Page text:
(5) All trainers who had acted as teachers during the last three years in the training courses provided by the IAAP received an email invitation to complete an online survey on effective training interventions they tend to use. The questionnaire completed was sent in anonymously. The response rate was calculated at 49.3% (300/609). Of the 300 study participants, 60% were male and 93.3% had university degrees. The average age of the respondents was 44.9. Participants had been working an average of 13.3 years in their professional field and 10.2 years participating as trainers in training courses. It is remarkable that 36.3% of participants have not been trained on training. 2.2. Training design-related transfer factors used as indicators of transferability With a view to developing a questionnaire which allowed us to ask trainers´ use of training practices enhancing transfer -and thus, to study the transferability of the training provided by them-, research literature on training design-related transfer factors was reviewed. Only those effective training interventions that fall within the decision-making spheres of trainer as teacher were selected. Three lines of training intervention design were used to organize the inventory of effective practices used as indicators: a) The trainees’ organization and workplace characteristics (needs, scenarios, challenges and tasks) are used by trainers to design training courses. It includes effective training interventions such as: -. Trainers set job performance-related goals, i.e. trainers set training objectives oriented to improve the employees’ performance in their workplace (Hutchins & Burke, 2007).. -. Trainers clearly inform trainees what performance is expected to occur on the job when the trainees apply training content at their workplace; thus, trainees notice a clear link between the training content and their workplace (Burke & Hutchins, 2007; Gegenfurtner, Veermans, Festner & Gruber, 2009).. -. Trainers select training content relevant to the job, i.e. the trainees must see a close relationship between the training content offered by the trainer and the tasks they encounter on the job (Burke & Hutchins, 2007; Gergenfurtner, Veermans, Festner & Gruber, 2009; Holton, Bates & Ruona, 2000; Liebermann & Hoffmann, 2008).. -. Trainers set training objectives which are aligned with organizational goals (Alvarez, Salas & Garofano, 2004; Burke & Hutchins, 2007; Donovan & Darcy, 2011; Lim & Johnson, 2002).. -. Trainers use job learning situations (cases, examples, problems) that reflect the job context where learning is to be applied (Burke & Hutchins, 2007; Grossman & Salas, 2011).. b) Trainers use training strategies in accordance with adult learning principles (Alvarez, Salas & Garofano, 2004; Baldwin & Ford, 1988; Blume et al., 2010; Culpin et al. 2014; Donovan & Darcy, 2011). It contains the following effective training interventions: -. Trainers detect trainees’ learning needs to set learning objectives accordingly (Lim & Johnson, 2002; Martin, 2010; Nikandrau, Brinia & Bereri, 2009).. -. Trainers permit discussion and the exchange of current knowledge and experiences by the attendees (Kauffeld & Lehmann-Willenbrock, 2010; Leberman, McDonald & Doyle, 2016).. -. Trainers are aware of the diversity of learners and, accordingly, they use a wide range of different methodologies -a complex methodology- in each learning situation (Baldwin & Ford, 1988; Culpin et al., 2014; Machin & Fogarty, 2003).. Journal for Educators, Teachers and Trainers JETT, Vol. 7 (1); ISSN: 1989-9572. 93.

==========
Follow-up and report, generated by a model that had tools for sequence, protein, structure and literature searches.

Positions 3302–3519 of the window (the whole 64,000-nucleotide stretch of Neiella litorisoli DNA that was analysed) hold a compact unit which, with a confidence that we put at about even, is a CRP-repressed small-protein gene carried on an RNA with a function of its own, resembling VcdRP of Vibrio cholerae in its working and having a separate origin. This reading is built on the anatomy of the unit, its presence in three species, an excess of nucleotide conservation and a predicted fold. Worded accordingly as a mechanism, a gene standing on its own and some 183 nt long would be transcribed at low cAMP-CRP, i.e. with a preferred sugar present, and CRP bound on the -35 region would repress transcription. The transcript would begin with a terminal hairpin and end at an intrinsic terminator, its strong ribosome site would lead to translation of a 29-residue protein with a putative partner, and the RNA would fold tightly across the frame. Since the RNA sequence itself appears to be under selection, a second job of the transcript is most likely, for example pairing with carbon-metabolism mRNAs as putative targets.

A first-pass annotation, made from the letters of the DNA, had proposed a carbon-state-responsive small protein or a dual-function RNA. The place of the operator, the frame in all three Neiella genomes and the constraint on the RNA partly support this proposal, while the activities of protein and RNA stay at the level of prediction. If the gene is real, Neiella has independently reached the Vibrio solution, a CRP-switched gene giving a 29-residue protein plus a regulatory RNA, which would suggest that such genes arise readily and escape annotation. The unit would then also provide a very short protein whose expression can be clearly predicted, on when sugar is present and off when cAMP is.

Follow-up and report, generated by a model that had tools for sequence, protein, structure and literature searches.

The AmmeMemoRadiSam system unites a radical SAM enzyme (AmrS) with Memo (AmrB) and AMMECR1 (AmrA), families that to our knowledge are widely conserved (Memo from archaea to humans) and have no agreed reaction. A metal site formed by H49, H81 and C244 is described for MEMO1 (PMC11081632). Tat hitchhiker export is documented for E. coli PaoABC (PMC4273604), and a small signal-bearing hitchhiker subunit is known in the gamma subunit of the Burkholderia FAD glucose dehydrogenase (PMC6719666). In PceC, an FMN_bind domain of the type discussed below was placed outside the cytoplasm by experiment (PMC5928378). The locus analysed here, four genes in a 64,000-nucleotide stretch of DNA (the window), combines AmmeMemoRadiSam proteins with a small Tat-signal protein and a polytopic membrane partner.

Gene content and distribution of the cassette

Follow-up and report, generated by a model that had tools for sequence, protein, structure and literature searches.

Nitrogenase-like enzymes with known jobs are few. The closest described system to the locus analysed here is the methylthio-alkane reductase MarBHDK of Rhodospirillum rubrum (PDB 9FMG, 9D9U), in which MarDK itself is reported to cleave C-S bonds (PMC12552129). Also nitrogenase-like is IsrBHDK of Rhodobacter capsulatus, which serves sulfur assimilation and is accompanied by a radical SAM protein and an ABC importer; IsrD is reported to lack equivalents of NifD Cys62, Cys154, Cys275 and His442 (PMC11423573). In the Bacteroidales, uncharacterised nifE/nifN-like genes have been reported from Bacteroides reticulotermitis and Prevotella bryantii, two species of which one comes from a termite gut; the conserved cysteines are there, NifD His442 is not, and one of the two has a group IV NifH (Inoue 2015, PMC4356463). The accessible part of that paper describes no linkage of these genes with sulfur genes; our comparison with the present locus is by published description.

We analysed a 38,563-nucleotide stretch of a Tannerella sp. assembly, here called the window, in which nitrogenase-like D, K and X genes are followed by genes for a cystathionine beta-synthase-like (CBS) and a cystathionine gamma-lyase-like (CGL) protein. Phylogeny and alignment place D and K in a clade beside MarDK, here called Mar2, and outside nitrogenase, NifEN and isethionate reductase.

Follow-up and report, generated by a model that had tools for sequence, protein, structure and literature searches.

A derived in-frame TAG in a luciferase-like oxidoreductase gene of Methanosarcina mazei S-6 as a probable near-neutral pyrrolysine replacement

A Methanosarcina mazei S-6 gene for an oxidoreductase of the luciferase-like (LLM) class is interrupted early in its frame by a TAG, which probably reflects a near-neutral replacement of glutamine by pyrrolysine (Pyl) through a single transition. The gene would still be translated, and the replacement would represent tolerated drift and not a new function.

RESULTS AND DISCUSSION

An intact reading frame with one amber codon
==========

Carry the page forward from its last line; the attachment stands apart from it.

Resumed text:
(6) -. Trainers use teamwork as a learning situation (Leberman, McDonald & Doyle, 2016). In order to improve transfer possibilities, organizations should create work environments that promote collaboration among workers (Hawley & Barnard, 2005; Massenberg, Spurk & Kauffeld, 2015). To that end, the use of group activities during training offers opportunities to practice the skills needed for successful collaboration (Culpin et al., 2014; Homklin, Takahashi & Techakanont, 2014) and, therefore, teamwork-based learning situations improve, indirectly, the possibilities of transfer.. c) Trainers use methods and instructional techniques that facilitate the transfer of training when they plan learning interventions (see reviews such as Burke & Hutchins, 2007; Russ-Eft, 2002). It includes the following effective practices: -. Trainers model ideas or behaviors that are to be taught by them (Alvarez, Salas & Garofano, 2004; Burke & Hutchins, 2008; Grossman & Salas, 2011; Russ-Eft, 2002).. -. Trainers use the guided discovery method. This active learning method forces trainees to explore and experiment with the task to infer and learn concepts, rules and strategies (Burke & Hutchins, 2007; Russ-Eft, 2002).. -. Trainers provide opportunities to practice new skills and knowledge (Alvarez, Salas & Garofano, 2004; Kaufield & Lehmann-Willenbrock, 2010; Libermann & Hoffmann, 2008; Lim & Johnson, 2002; Russ-Eft, 2002). Trainees can be asked in practical tasks to apply training content in the training context. But they can be asked to apply it in their job context or plan how they will use new skills and knowledge at their workplace (development of a plan of action) as follow-up techniques (Martin, 2010).. -. Trainers use variable examples, including positive and negative examples (Burke & Hutchins, 2007; Machin & Fogarty, 2003). These training interventions lead to improve generalization to novel situations (Russ-Eft, 2002).. -. Trainers use feedback, i.e. trainers provide information to the learner on his/her current and desired performance in training tasks during training (Burke & Hutchins, 2007, 2008; Culpin et al., 2014; Russ-Eft, 2002; Van den Bossche, Segers & Jansen, 2010) or post-training (Velada et al., 2007; Martin, 2010).. -. Trainers assess the trainees’ learning outcomes after training. Trainees will be more motivated to learn and learning retention will increase if they know that they are accountable for the training they receive (Burke & Hutchins, 2008; Kontoghiorghes, 2001).. 2.3. Procedure for developing the questionnaire With these indicators, an initial questionnaire was elaborated containing 19 Likert-type items to know training interventions facilitating transfer which are used by trainers (1 meaning ‘Never’ and 5 meaning ‘Usually’). Since employee training perspectives may vary depending on business sector (Donovan & Darcy, 2011), critical to this study was the development of survey items representative of culture of employee training in public sector. For this reason, the questionnaire was analyzed by five professional trainers of the IAAP. They proposed to change the wording of several items and two new items were included. One of these items dealt with the use of teamwork as a learning situation because there was a great interest in improving the markedly individualistic culture of Public Administration organizations in Spain. The use of teamwork has an indirect impact on the transfer of training, as it has already been mentioned. The second item dealt with the use of the lecture as instructional technique; it is not a method supporting transfer of training but the professional trainers thought that it was usually used by trainers and the questionnaire needed to reflect the practices of the latter. Finally, the questionnaire was composed of 21 items, but one of them does not reflect any transfer factor.. Journal for Educators, Teachers and Trainers JETT, Vol. 7 (1); ISSN: 1989-9572. 94.